If you're reading about how to hire employees, you must be ready to move your business to your next significant milestone. Congratulations! Hiring staff is critical to growing your company, whether you're hiring your first or your hundredth person.
If you want the hiring process to go smoothly, you’ll need to approach each part of the procedure separately, just like when you launch a business. The hiring steps all fit into the following sections:
How to Hire Employees
In short, before hiring covers legal matters, how to hire employees covers finding the right people, and after hiring covers additional legal issues.
Once you’ve tested and standardized your process, you can use this same three-part plan any time you need to hire new employees. No matter how much the world of business changes, how you accept credit card payments, or what your business model looks like, you’ll still need to know how to hire employees.
Some of these steps are going to be most useful for the small business hiring their first employees, but everyone should go over them.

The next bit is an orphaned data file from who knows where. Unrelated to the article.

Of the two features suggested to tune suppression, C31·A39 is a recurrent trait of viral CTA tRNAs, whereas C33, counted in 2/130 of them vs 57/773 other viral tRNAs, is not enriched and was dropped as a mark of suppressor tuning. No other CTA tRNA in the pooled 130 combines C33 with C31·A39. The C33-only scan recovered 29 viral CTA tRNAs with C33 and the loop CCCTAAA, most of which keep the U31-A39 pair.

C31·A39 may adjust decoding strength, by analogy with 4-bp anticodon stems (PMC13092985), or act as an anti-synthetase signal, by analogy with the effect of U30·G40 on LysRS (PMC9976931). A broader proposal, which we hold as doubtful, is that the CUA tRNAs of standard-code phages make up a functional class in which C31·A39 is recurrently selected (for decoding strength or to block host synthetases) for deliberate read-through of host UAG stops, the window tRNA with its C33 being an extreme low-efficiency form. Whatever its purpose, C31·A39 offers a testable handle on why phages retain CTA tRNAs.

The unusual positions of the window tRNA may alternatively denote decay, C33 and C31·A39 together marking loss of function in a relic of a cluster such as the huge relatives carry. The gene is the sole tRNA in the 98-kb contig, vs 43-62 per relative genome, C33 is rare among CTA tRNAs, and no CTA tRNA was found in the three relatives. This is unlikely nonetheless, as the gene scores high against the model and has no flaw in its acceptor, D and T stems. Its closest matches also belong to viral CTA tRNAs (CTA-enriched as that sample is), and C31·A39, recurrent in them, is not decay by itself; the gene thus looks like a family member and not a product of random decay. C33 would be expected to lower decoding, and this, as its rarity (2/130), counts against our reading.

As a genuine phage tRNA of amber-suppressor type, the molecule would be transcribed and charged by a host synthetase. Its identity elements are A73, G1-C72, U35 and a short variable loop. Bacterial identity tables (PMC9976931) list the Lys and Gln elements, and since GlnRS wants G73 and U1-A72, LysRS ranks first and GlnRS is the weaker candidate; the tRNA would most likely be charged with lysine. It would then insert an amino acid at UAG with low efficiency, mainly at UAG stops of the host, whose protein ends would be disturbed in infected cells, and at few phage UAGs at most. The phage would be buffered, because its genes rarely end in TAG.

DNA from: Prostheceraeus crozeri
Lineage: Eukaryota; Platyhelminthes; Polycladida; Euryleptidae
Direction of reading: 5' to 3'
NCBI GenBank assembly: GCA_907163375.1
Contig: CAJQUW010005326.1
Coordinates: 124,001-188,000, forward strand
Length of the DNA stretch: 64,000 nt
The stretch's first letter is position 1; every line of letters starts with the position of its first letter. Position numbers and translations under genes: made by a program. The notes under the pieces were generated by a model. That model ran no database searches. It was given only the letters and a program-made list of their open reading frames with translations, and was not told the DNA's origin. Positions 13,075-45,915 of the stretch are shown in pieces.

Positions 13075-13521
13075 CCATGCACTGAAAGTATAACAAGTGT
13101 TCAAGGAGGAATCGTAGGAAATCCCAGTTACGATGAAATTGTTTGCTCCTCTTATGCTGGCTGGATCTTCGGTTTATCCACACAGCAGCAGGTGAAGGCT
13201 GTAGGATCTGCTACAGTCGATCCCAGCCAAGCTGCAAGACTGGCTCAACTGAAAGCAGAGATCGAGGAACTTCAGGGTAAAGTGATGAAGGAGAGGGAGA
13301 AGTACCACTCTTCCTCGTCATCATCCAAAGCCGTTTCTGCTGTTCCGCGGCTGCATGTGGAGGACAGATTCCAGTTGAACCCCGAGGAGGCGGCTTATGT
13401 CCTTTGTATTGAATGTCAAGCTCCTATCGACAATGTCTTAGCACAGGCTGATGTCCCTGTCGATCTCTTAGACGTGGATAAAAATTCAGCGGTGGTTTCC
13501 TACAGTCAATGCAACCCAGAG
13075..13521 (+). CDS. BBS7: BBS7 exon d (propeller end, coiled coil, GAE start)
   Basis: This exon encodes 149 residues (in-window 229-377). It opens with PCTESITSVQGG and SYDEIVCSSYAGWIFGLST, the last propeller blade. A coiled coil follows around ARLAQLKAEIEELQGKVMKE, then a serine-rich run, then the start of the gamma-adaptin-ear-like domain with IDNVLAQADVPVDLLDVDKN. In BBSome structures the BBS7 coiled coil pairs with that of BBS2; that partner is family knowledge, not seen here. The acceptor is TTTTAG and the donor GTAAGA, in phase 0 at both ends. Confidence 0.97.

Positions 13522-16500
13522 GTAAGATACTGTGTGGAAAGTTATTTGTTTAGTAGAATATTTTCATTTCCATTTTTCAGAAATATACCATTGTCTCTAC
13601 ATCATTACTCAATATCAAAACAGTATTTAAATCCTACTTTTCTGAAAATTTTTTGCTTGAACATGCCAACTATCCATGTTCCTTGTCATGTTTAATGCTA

If you don’t have your EIN (employer identification number), now’s the time to set it up. The EIN is a nine-digit number that will identify your business and allow you to start hiring workers legally. You'll start with the IRS website, which is their preferred method of application, but you can also apply via fax, phone, or snail mail.
For those who still need to obtain business licenses and permits, you’ll need to do that before getting your EIN.
Before you start the hiring process, you’ll also want a great job description to attract top talent. If you don’t know how to write a job description, you might want to save yourself the time and outsource this step. This is one of the most critical parts of learning how to find good employees—extraordinary talent will look for excellent job descriptions.
Recruiting is a time-consuming process that requires you to advertise the job, communicate with candidates, answer questions, interview/screen applicants, and inform unsuccessful candidates. If you’re too busy for all of this, you’ll need to delegate it.